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VMware claims the outcome of the EU Safe Harbour ruling will cause minimal disruption to its operations and should serve to reinforce its hybrid cloud strategy.
The virtualisation giant was among the first to predict that the hybrid cloud model would emerge as the enterprise’s preferred model of consuming IT some years ago, while others backed the public or private cloud.
In keeping with this, VMware rolled out its vCloud Air platform in 2013, which is designed to make it easier for users to move workloads between their on-premise and off-premise environments, and the firm has opened numerous datacentres worldwide to support it.
Users also have the alternative option to procure cloud services through service providers signed up to the vCloud Air Network programme, rather than from VMware directly.
Speaking at the VMworld Europe User conference in Barcelona, the company said this setup should enable the company to sidestep some of the challenges the disappearance of the Safe Harbour agreement could throw up.
This is because the firm’s vCloud Air Network of partners means European users of its cloud platform may not have to send data back to the US as there are already providers local to them that can meet their needs.
During a press Q&A at the event, Bill Fathers, executive vice-president and general manager of cloud services at VMware, said the firm has taken steps to adjust the wording of its contracts in the wake of the Safe Harbour ruling on 6 October 2015.
“We are modifying the language we’re using with our suppliers so we can give our clients more assurances around where their data will reside,” he said.
In the longer term, having the vCloud Air Network already in place should stand it in good stead, as the rest of the US cloud supplier community works out how best to respond to the news.
“Having a network of service providers in all of the geographies we operate is likely to be the winning strategy,” said Fathers.
“Rather than be a single, homogenous US entity that tries to provide that service across a region such as Europe, we think having hundreds of thousands of services providers who can provide absolute assurances [to customers about where their data resides] makes sense.”
The Safe Harbour fallout
As previously reported by Computer Weekly, the European Court of Justice ruled on 6 October 2015 that the Safe Harbour data-sharing agreement should be considered invalid because it fails to “adequately” protect European users’ data during its transit to the US.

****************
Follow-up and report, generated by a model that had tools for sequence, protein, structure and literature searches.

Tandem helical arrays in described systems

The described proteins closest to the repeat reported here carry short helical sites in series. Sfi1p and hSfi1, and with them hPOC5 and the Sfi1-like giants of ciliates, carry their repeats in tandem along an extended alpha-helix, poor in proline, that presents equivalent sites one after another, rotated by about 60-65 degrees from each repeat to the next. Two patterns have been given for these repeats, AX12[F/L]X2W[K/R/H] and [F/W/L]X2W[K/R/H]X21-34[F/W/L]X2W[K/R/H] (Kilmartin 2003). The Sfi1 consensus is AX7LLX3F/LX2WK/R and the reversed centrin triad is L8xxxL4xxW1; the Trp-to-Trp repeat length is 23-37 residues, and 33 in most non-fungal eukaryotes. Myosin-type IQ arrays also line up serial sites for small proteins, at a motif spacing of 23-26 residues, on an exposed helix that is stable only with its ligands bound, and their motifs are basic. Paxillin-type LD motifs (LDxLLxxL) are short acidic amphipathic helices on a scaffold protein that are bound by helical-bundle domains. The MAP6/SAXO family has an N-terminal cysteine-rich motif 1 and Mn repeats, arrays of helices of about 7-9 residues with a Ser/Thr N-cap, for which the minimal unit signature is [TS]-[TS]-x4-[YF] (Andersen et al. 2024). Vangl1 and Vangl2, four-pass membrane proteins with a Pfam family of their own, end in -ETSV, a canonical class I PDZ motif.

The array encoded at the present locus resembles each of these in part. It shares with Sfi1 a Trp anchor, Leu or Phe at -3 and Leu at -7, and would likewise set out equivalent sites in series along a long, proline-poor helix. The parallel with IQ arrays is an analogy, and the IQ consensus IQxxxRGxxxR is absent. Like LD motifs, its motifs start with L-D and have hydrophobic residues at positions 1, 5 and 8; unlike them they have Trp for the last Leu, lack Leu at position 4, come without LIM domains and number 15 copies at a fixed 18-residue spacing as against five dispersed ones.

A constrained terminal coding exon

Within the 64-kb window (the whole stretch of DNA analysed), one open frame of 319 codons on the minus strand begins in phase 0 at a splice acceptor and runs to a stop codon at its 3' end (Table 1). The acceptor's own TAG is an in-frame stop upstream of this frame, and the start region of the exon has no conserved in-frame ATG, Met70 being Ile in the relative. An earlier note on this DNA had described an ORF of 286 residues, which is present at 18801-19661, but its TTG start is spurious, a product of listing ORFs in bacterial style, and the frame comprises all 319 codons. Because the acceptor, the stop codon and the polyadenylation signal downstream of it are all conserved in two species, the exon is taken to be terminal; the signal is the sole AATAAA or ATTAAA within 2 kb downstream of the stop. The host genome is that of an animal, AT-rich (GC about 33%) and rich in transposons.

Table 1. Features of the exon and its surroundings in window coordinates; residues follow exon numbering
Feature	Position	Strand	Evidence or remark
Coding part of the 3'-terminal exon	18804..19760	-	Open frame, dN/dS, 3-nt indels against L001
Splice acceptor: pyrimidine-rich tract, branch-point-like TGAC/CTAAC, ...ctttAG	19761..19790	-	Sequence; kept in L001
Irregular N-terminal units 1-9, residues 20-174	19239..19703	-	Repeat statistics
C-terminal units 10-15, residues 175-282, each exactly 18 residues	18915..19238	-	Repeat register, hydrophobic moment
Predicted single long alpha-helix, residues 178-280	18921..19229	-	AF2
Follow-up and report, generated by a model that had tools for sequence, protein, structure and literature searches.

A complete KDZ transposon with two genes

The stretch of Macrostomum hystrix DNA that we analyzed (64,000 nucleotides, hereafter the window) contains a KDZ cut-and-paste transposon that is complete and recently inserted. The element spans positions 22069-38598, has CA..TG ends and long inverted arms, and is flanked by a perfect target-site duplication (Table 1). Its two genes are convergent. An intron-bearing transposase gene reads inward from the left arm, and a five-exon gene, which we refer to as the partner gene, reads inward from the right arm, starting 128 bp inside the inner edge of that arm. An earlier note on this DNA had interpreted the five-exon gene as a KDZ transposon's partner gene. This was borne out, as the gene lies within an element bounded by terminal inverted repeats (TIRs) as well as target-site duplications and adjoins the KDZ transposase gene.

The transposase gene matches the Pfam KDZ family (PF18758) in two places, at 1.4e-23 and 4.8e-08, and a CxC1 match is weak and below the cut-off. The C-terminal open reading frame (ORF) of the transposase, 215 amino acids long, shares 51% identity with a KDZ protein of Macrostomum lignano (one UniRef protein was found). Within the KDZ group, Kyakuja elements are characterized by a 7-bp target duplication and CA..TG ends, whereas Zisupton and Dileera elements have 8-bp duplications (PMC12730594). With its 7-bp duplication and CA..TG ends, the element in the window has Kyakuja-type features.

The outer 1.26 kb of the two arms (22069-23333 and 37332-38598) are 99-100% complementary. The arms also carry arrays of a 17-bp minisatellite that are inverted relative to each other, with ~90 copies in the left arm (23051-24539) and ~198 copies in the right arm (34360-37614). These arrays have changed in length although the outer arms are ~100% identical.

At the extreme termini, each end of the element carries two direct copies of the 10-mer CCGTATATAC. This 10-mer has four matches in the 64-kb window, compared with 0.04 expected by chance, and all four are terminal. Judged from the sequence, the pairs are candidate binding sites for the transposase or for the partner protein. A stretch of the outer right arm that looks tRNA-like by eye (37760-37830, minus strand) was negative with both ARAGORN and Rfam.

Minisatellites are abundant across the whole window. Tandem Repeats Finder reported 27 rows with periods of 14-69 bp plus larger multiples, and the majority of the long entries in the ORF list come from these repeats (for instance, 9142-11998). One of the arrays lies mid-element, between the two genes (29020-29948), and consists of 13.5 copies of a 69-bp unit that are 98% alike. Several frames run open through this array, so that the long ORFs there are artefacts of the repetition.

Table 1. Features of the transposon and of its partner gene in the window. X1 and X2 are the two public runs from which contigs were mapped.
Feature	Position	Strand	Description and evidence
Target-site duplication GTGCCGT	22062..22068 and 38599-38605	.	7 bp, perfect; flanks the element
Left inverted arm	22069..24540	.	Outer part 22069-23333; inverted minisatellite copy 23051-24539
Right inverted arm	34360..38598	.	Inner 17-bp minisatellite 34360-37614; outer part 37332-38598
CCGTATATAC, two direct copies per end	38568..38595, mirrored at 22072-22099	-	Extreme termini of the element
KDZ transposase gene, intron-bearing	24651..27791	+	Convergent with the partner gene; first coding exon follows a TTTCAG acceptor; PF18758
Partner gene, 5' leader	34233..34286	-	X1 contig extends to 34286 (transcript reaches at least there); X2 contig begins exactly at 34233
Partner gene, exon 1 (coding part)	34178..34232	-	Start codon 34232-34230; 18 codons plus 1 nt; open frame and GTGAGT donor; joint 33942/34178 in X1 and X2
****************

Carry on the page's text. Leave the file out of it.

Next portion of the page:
With more than 3,000 companies signed up to the agreement, concerns about the disruption this will cause to the way US firms operate have been aired by technology suppliers and the legal community.
VMware is not the only cloud company to react bullishly to the Safe Harbour announcement. Andy Jassy, senior vice-president of Amazon Web Services (AWS), has been equally quick to shoot down suggestions about the ruling’s impact on its European operations.
During a press Q&A at the 2015 AWS Re:Invent user conference in Las Vegas, he said: “We have a number of ways for our customers to move their data outside of the EU to AWS beyond Safe Harbour.
“As the European data protection agency has approved the AWS data protection agreement via the Article 29 Working Party, it really has no impact on our customers.”
However, Richard Munro, chief technology officer of vCloud Air for Europe, the Middle-East and Africa at VMware, told Computer Weekly at VMworld that US cloud firms should be wary of rushing to make declarations about their Safe Harbour stance without doing some deep due diligence first.
“With our service, your data will not move outside a country’s borders unless you want it to, which is part of our differentiation,” he said.
With the final draft of the EU General Data Protection Regulations due to drop before the end of 2015, and the uncertainty over the UK’s future in the European Union (EU), Munro said both these factors could compel more users to consider going down the hybrid cloud route over time.
“We see people use public cloud services and I think they’re acknowledging they’ve lost quite a degree of control to take up those services,” he said.
“When you get something such as Safe Harbour or the EU Data Protection changes coming from nowhere, it’s difficult for a company to assess what they should do as a business entity if they’re not in control of where their data is residing or what controls are around it.
“As more of these things crop up, we’ll see more businesses wish they had control of where there data is – even when it’s in the public cloud,” he said.
Read more about Safe Harbour
- Austrian privacy activist Max Schrems welcomes the ruling by the European Court of Justice (ECJ) that EU data protection authorities are not bound by the Safe Harbour agreement.
- US tech giants could soon come under increased pressure to build European datacentres now the validity of the US Safe Harbour Agreement has been called into question by EU law makers.